Small-cap companies and volatility generally go hand in hand. By nature, companies with a small market capitalization are volatile in nature. That's because these businesses are still growing into their potential and don't have the deep pockets that their large-cap counterparts have accumulated for the tough times, according to Fidelity Investments. If you don't mind the roller coaster ride that small-cap stock prices are likely to take, you've got plenty of companies to choose from, considering the thousands of stocks that trade in the Russell 2000 small-cap index.
A company's market cap reflects its size based on the amount of shares that are traded relative to the market value, or stock price. A common but nonofficial yardstick defines small-cap companies as those with market capitalization of less than $1 billion, according to Fidelity Investments. Small-cap companies do grow up eventually. Atlanta Capital Management portfolio manager Chip Reed noted in a 2013 article on the "Wall Street Journal" website that a small-cap stock that was worth $1 billion when he bought it evolved into a large-cap stock worth $8 billion.
Stock market volatility occurs when stock prices exhibit dramatic and seemingly unexplained upward and downward swings. Since volatility is not driven by fundamentals, such as a company's earnings and revenue, it can be unwarranted and may be a result of investor emotions, such as fear. Measuring volatility in small-cap stocks might be easier than you think, as the CBOE Russell 2000 Volatility Index is designed to do the work for you. The average volatility between January 2004 and March 2013 was 27.1, for example. Gauge the level of volatility in small-cap stocks using the average as a benchmark.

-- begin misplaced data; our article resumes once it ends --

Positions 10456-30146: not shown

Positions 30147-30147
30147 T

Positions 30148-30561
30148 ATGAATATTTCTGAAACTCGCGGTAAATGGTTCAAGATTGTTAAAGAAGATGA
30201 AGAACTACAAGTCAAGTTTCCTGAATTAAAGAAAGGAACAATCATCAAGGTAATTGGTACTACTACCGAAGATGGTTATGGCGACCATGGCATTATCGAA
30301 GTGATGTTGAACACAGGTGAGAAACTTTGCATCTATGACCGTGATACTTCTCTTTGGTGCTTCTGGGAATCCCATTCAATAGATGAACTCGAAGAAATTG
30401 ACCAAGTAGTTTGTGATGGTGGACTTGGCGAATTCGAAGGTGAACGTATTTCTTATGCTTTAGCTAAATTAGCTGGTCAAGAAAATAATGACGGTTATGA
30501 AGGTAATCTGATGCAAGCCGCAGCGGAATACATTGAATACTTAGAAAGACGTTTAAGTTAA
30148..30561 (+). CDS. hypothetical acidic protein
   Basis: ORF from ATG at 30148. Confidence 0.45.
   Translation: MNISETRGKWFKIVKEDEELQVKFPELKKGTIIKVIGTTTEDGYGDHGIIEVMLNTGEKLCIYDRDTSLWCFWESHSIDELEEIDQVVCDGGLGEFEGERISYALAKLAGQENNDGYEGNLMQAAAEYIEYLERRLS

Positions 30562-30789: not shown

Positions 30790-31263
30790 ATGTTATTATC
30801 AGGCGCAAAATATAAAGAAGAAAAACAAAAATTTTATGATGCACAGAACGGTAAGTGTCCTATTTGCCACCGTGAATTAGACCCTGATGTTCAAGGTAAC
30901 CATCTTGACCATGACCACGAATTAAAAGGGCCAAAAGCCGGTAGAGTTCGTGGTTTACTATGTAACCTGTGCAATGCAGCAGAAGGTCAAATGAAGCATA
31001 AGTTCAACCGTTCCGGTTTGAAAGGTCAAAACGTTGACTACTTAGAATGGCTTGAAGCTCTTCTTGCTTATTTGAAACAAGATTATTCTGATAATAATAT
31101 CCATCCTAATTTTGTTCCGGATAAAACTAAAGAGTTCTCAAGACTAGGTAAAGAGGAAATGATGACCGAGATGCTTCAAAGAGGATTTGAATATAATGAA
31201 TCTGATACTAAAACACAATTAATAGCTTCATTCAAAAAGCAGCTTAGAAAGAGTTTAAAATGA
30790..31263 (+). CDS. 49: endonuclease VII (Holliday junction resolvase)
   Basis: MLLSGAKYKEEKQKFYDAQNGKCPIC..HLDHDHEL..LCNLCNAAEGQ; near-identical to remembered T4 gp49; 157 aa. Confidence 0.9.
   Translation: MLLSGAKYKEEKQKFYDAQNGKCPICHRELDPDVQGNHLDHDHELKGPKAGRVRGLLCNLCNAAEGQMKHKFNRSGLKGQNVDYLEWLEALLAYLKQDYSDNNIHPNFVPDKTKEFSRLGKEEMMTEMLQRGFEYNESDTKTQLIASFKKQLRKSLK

One of the challenges you'll face in unearthing volatile small-cap stocks is finding quality investments. Volatility is a reflection of risk, and the more volatile an investment is, the greater the risk you're taking. Small-cap stocks expose you to more risk of financial loss versus large-cap stocks and bonds, according to a 2011 article on the "USA Today" website. It's not uncommon for small-cap stocks to conduct a percentage of their business in countries with economies that are still developing, which increases the likelihood for setbacks.
While small-cap stocks are generally highly volatile, exceptions to the rule will make it tougher for you to discover these companies. For instance, in the first three and one half months of 2013, small-cap stocks were trading essentially in lockstep with the broader stock market. Small-cap stocks advanced nearly 12 percent during this period, while the Dow Jones Industrial Average, which represents trading in 30 large-cap stocks, was only about 1 percent behind that performance, according to a 2013 article on the "Barron's" website.
Geri Terzo is a business writer with more than 15 years of experience on Wall Street. Throughout her career, she has contributed to the two major cable business networks in segment production and chief-booking capacities and has reported for several major trade publications including "IDD Magazine," "Infrastructure Investor" and MandateWire of the "Financial Times." She works as a journalist who has contributed to The Motley Fool and InvestorPlace. Terzo is a graduate of Campbell University, where she earned a Bachelor of Arts in mass communication.